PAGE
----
Investor attention has been focused on so many issues as of late that it appears that many are not aware of the recent multi-decade breakout in the Russell 2000 Index (IWM). This popular index of small-cap stocks is currently sitting at levels never seen before after having recently taken out the 2007 and 2011 highs. The Index breached the $900 level this month and while trading at only a forward P/E of 15x is poised to move higher as we move further into uncharted territory (Source: Morningstar).
Source: TD Ameritrade (Think or Swim)
Strengthening the case for small-cap stocks going forward is that they usually trade at a premium to their larger peers and generate greater returns over time (Table 1). This is for various reasons and has been extensively researched by academics for years. While I will not get into the details in this article, for those who are interested I recommend the following sources:
- Size Matters: How to Apply Size Premium Metrics When Size-Based Category Breakpoints Overlap, by Michael W. Barad
- 2010 Ibbotson Risk Premia Over Time Report, by Morningstar
Unfortunately, both of these resources are copyrighted and therefore only available for purchase. (Note: I do not have any affiliation with these sources and as such do not receive any compensation from them.)
Table 1: Recent and Annualized Return Comparison
Note: Returns greater than one-year are annualized
The current forward P/E on the S&P 500 Index (SPY) is 12.8x, which is lower than the forward P/E on the Russell 2000 Index (Source: FactSet). With this theory in mind, one can see how multiple expansion in the S&P 500 Index translates into multiple expansion in the Russell 2000 Index. In fact, is not uncommon to see this small-cap risk premia result in a 4-5x P/E multiple premium above the S&P 500 Index. While at a 18-20x forward P/E multiple on the Russell 2000 Index is not far outside the realm of possibility, I would argue that valuations and fundamentals would be stretched at these levels.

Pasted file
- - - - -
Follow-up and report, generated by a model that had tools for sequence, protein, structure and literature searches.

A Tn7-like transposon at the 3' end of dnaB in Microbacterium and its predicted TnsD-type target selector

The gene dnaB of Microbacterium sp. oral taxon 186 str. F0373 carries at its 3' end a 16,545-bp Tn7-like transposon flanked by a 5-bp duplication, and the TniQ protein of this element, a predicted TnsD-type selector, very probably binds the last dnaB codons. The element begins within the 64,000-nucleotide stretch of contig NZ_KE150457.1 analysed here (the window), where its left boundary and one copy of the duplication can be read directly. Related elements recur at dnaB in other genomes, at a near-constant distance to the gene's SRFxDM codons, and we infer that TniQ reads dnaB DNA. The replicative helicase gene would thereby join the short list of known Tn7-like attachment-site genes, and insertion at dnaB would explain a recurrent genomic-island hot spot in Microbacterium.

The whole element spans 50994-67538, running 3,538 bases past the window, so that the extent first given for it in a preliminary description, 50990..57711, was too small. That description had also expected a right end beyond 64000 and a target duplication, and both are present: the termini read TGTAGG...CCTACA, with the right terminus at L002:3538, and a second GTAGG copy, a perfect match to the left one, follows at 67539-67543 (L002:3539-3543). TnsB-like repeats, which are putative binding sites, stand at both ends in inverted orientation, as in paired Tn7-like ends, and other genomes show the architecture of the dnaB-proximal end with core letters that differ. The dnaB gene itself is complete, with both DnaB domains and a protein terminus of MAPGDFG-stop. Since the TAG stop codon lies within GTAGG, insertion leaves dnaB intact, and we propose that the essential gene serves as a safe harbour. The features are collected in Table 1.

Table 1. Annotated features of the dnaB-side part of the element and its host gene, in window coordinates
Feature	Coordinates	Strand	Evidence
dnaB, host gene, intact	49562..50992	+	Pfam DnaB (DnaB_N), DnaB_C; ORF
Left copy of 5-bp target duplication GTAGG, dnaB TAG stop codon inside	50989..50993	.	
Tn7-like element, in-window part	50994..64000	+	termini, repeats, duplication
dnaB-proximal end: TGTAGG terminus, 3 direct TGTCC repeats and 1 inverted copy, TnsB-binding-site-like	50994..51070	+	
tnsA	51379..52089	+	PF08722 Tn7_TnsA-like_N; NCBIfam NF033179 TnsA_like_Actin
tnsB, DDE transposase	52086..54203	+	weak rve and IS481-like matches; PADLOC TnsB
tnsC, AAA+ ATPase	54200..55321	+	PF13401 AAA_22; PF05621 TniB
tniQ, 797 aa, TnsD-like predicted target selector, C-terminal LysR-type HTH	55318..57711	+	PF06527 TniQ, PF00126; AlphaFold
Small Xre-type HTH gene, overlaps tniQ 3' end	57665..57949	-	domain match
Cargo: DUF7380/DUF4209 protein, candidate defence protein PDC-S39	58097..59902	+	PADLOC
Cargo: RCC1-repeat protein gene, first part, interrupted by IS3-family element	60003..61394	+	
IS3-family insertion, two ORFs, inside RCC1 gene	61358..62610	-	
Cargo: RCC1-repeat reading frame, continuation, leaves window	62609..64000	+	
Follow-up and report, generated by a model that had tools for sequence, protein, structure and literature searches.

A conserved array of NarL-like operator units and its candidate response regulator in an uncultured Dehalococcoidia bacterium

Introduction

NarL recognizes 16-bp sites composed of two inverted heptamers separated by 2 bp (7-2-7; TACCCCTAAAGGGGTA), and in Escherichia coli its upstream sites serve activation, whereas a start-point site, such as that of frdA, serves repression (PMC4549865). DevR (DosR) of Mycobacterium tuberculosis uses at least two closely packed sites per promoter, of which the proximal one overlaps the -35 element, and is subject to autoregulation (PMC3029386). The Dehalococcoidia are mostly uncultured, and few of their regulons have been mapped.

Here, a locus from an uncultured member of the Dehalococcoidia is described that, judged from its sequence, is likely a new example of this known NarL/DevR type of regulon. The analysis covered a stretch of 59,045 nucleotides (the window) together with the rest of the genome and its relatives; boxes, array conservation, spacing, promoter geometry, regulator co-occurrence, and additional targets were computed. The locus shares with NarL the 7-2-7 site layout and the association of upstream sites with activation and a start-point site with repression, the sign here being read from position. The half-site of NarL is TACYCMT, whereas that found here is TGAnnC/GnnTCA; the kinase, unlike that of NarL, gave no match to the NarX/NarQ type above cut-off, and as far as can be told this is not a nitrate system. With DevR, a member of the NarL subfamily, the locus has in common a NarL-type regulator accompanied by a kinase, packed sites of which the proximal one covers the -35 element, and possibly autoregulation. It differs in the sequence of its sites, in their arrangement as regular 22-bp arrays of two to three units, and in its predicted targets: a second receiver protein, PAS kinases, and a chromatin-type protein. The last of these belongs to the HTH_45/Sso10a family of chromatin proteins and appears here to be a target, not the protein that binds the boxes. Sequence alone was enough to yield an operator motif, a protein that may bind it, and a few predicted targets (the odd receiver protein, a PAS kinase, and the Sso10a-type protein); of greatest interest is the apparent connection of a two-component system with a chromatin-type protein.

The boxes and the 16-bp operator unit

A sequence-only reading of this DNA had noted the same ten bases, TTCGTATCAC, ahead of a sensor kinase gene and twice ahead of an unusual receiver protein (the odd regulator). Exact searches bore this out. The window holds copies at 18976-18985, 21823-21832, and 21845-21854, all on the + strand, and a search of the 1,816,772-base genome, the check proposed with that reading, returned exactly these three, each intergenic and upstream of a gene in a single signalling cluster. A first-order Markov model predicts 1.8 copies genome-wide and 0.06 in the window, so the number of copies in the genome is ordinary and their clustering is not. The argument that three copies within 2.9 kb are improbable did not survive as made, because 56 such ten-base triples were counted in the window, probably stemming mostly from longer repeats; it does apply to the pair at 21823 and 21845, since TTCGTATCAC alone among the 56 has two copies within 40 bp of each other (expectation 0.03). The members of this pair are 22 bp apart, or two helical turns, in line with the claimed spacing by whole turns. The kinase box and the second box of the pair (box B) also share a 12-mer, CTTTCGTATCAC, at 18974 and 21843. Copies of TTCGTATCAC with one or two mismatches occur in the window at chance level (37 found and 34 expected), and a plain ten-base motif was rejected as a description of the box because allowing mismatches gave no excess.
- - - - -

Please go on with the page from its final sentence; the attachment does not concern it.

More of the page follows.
Small Caps Love Liquidity
The sub-title pretty much explains it all. When the Federal Reserve is actively engaging in quantitative easing small-cap stocks tend to generate greater returns than large-cap stocks. The Federal Reserve's announcement of QE III+ or "open-ended quantitative easing" is likely the catalyst that pushed the Russell 2000 Index to all time highs.
Table 2 below shows the returns of the Russell 2000 Index relative to the S&P 500 Index during times of quantitative easing. While there are no clear or direct fundamental reasons for this outperformance, the trend is apparent. The most reasonable explanation is that a "rising tide lifts all boats" and that quantitative easing increases investor tolerance for risk and therefore, higher-beta, smaller stocks outperform lower-beta, large stocks.
Table 2: Returns During Periods of Quantitative Easing
From a contrarian perspective, news of the Russell 2000 Index hitting an all-time high may be interpreted as the first warning shot across the bow. However, a breakout in this nature can also be interpreted as being extremely bullish, a sign that the past is behind us and the future is bright. Also, for those who believe that price action in small-cap stocks is a leading indicator of large-cap performance, then we may be hitting new highs on the S&P 500 sometime soon.
Uncharted territory is just that, uncharted. With it come new risks, but also new opportunities. Investors should be cautiously optimistic about the recent breakout and take advantage of the recent strength by locking in gains, not getting greedy, appropriately sizing positions and rebalancing their portfolios.